8. We could also have put a <listBibl> with multiple <bibl> elements inside if these notes had been more like bibliographic citations for facsimiles of the manuscript.

9. Making it valid

  1. The document still isn't valid because of that original paragraph at the bottom. TEI manuscript description allows you to choose either a completely unstructured method, with multiple paragraphs, or a more structured method with the elements we have chosen. Why might you choose one over the other?
  2. After looking through that original paragraph to make sure you've put the information it contains somewhere in the manuscript description, delete that paragraph. This should make your document valid. If it doesn't, attempt to solve any of the problems, and save your work.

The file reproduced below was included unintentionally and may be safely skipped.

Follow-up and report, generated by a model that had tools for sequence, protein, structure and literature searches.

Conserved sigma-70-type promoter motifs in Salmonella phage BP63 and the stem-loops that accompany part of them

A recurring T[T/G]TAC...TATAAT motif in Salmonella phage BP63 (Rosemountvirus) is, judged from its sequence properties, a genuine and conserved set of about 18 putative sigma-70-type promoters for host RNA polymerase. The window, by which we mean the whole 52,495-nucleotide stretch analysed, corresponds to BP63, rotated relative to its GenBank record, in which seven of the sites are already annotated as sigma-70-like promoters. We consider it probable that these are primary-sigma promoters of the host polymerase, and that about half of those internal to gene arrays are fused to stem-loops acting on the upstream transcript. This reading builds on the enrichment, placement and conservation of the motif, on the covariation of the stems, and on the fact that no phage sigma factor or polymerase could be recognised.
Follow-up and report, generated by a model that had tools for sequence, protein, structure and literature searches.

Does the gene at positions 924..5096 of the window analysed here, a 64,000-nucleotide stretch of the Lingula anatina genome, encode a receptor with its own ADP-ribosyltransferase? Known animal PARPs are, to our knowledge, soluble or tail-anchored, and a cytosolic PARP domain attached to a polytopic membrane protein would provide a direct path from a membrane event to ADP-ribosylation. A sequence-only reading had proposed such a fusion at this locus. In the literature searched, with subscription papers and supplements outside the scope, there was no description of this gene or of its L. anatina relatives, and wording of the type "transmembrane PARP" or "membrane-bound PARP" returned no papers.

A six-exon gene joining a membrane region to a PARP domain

10. Other things to try

  • Although our <availability> statement said it was licensed as Creative Commons, consider also putting in a <ref> element with a target attribute which points to the appropriate Creative Commons license URL.
  • In recording the <handNote> elements we didn't indicate which had a scope of 'major'and which was 'minor'.
  • What else could you have put into this manuscript description? Check through elements like <physDesc> to see what else could be put into this description. Many of the elements don't apply to this very brief manuscript.
  • In exercise 6 we'll be transcribing the text of this manuscript. You can always start early if you have time left over.


TEI@Oxford. Date: 2010-07
Copyright University of Oxford